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Benefits and Implementation Challenges of Urban Mobility Electrification

Close-up of a charging cable plugged into an electric vehicle. The image of the charging vehicle is overlaid on an aerial view of a city with skyscrapers. A river runs through the city.

EV charging infrastructure expansion to date has mostly been concentrated in cities and along major highways. The 50 most populous metropolitan areas accounted for 80 percent of new 2019 U.S. EV registrations, even though they only house 55 percent of the U.S. population.

As of 2022, 158 communities in the U.S. were served by shared e-scooters, 35 were served by dockless bikeshare, and 61 docked bikeshare systems were in operation, many of which now deploy e-bikes. Also as of September 2022, about 5,500 zero emission transit buses were on the road in the U.S., and more than 13,000 electric school buses were on order, delivered, or operating. Urban residents, businesses, and communities are well-positioned to realize the significant economic, environmental, and health benefits from electric mobility.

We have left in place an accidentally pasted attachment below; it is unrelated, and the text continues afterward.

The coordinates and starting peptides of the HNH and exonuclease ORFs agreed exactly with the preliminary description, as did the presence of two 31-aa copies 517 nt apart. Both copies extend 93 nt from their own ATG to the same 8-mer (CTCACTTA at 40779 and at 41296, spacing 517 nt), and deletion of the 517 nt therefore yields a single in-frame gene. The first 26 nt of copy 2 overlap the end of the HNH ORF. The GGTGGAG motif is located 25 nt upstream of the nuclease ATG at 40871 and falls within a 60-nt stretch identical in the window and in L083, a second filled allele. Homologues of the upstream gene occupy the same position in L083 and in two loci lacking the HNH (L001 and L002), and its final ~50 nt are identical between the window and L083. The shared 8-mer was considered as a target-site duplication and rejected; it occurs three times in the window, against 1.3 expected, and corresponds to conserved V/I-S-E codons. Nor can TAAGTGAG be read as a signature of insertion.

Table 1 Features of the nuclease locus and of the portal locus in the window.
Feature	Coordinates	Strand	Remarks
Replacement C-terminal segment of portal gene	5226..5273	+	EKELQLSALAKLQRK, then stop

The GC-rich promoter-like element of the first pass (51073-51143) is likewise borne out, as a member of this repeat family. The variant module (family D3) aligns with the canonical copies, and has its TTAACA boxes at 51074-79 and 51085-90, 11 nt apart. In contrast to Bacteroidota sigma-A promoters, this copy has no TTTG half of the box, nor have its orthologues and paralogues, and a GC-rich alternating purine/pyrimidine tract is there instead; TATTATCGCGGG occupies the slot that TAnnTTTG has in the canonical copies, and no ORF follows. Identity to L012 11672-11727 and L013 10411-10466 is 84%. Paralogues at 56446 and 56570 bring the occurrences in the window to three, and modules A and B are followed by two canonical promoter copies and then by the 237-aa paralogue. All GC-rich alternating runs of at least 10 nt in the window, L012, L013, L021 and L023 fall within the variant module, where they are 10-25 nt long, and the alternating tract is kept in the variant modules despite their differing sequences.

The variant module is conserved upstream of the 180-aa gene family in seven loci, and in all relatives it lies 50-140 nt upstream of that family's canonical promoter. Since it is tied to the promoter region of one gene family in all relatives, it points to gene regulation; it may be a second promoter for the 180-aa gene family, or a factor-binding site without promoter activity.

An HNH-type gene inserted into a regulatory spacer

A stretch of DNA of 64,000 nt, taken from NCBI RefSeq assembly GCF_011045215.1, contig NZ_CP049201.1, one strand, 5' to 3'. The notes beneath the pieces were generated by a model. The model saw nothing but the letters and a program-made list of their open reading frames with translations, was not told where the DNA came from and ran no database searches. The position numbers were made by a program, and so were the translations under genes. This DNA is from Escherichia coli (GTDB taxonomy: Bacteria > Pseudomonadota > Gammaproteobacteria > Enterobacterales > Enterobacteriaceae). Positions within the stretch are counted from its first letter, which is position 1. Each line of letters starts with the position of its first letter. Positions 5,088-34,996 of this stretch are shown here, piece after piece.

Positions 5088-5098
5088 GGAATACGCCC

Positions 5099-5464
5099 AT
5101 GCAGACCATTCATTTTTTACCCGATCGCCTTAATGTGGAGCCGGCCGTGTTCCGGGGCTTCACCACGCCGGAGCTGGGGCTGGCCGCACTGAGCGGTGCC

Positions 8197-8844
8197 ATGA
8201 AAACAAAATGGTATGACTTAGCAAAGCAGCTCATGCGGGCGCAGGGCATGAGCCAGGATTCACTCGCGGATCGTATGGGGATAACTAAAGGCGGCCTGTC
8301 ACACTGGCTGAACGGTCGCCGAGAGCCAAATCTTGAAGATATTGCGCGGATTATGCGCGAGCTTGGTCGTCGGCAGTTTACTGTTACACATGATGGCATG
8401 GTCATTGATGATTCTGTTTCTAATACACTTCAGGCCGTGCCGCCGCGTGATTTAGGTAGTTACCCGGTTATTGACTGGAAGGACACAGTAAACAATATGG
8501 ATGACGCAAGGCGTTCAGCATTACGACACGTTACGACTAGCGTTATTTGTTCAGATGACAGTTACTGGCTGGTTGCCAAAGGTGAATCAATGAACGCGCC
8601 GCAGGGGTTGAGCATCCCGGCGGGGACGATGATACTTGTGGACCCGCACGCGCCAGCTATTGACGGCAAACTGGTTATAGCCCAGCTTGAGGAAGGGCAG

This section describes the benefits that electric mobility can provide to individual electric mobility users and to urban communities as a whole, with additional consideration of the unique benefits of electric micromobility and electric transit. It also discusses key challenges in implementing electric mobility charging infrastructure in urban areas along with emerging solutions for overcoming these challenges.

As emphasized in Electric Mobility Infrastructure Planning for Urban Areas, urban planners should work to ensure these benefits are equitably distributed across the community.


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